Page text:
Plan books go way back, as the exhibit Stock Options: Houses for Everyone,
which just opened at U. C. Berkeley, vividly demonstrates. Curator Elizabeth Byrne traces the history of the western home through the profusion of pattern books and brochures published by building companies since the nineteenth century.
This is where most of the designs for the houses that shape our cities and towns come from.
The New York firm of Palliser & Palliser was one of the early plan companies. As the economy and the middle class expanded, home building grew apace, especially in the early 20th century, when
bungalows, promoted by builders and magazines alike, took the country by storm and became identified with California and the good life. Truly the model T of home design in that era, the bungalow — like the automobile — overran towns like Pasadena, California, where there’s even a neighborhood
called “Bungalow Heaven.” And by the way, garage plans suddenly became important. The pent-up demand for housing produced by the Depression and then World War II resulted in a huge building boom at mid century
when plan books flooded the market. For example, prominent Los Angeles architect Paul Williams published two books of plans in 1945 and 1946. Plans like “The Ulster” shown below, with its efficient central courtyard arrangement
appeared in The Book of Small Houses, also in 1946. (The books themselves are shown in a photo at the top of this post). Ranch houses became the post-war equivalent of the bungalow, only more open to the yard, as this Cliff May plan from Sunset Western Ranch Houses of 1946
shows. Note the headline, which rings even more true today, when scarce land for building makes every inch count. To continue the auto metaphor, you could say the ranch house became the Ford Mustang of home design in the 1960s, especially as it metamorphosed into Eichler tract houses and other contemporary designs. The exhibit brings us down to the present by showing recent prefab work by Michelle Kaufmann and online home plans like our very own Flexahouse by architect Nick Noyes. For an exhaustive scholarly history of the pattern book see Houses From Books: Treatises, Pattern Books, and Catalogs in American Architecture: 1738-1950: A History and Guide, by Daniel D. Reiff (Penn State Press, 2000).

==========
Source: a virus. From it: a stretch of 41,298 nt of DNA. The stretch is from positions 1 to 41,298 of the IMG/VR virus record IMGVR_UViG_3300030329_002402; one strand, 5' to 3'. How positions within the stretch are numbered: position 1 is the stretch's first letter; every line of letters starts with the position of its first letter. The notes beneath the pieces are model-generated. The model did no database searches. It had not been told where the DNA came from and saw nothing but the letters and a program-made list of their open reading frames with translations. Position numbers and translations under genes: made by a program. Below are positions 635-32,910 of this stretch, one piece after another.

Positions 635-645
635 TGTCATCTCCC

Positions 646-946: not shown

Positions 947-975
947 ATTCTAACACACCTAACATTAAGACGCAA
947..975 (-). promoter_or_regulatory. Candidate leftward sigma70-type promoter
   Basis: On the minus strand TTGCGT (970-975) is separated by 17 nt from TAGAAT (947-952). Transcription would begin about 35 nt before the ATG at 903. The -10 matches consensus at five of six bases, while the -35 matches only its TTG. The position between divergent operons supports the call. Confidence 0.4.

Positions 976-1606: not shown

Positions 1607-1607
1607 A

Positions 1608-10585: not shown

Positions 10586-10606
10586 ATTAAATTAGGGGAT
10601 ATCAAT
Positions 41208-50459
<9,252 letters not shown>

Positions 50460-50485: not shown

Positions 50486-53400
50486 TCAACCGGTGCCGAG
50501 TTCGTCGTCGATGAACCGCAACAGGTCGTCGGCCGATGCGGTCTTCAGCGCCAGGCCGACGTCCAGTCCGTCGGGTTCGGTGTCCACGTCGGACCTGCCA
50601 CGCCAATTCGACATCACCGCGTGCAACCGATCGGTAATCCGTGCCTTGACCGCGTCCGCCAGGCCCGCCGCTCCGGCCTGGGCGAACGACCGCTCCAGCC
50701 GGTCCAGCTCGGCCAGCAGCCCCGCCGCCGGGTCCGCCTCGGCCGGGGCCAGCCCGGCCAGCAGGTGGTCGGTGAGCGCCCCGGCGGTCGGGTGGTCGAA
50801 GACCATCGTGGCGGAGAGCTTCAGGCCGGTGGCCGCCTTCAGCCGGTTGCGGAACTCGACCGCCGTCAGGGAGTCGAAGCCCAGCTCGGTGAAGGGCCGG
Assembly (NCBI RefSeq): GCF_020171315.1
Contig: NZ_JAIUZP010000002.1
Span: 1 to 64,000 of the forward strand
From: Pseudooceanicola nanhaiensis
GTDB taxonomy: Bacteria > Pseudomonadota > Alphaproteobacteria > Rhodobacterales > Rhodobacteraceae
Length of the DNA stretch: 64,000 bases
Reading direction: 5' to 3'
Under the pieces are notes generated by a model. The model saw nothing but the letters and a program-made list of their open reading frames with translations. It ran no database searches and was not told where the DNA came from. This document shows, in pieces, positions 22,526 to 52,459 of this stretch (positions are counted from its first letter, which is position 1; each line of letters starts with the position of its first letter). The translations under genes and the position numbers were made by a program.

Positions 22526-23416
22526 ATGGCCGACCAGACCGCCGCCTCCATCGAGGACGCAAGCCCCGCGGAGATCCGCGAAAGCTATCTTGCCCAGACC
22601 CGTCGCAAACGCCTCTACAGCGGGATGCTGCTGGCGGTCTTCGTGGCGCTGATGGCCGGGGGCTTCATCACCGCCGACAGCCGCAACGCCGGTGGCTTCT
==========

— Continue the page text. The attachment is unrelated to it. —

Our Newest Exclusive
I’m excited to present work by our latest exclusive architect, Bud Dietrich. It vividly continues the stock plan story into the future.
This elegant house — Plan 481-1 — combines a traditional outline with modern indoor-outdoor living in a crisp orderly plan.
Spatial surprises abound, from the home office/den in its own window bay to the
barrel vault in the living room and the daylit basement
play room opening to a broad stair up to the garden. I like Bud’s design philosophy: “We should create right-sized homes that are gentle on us and our resources. Rather than getting distracted by questions of architectural style let’s use our own wisdom and common sense to create homes that are appropriate for their time and place.” His beautiful multifunctional design shows just how far the stock plan has come.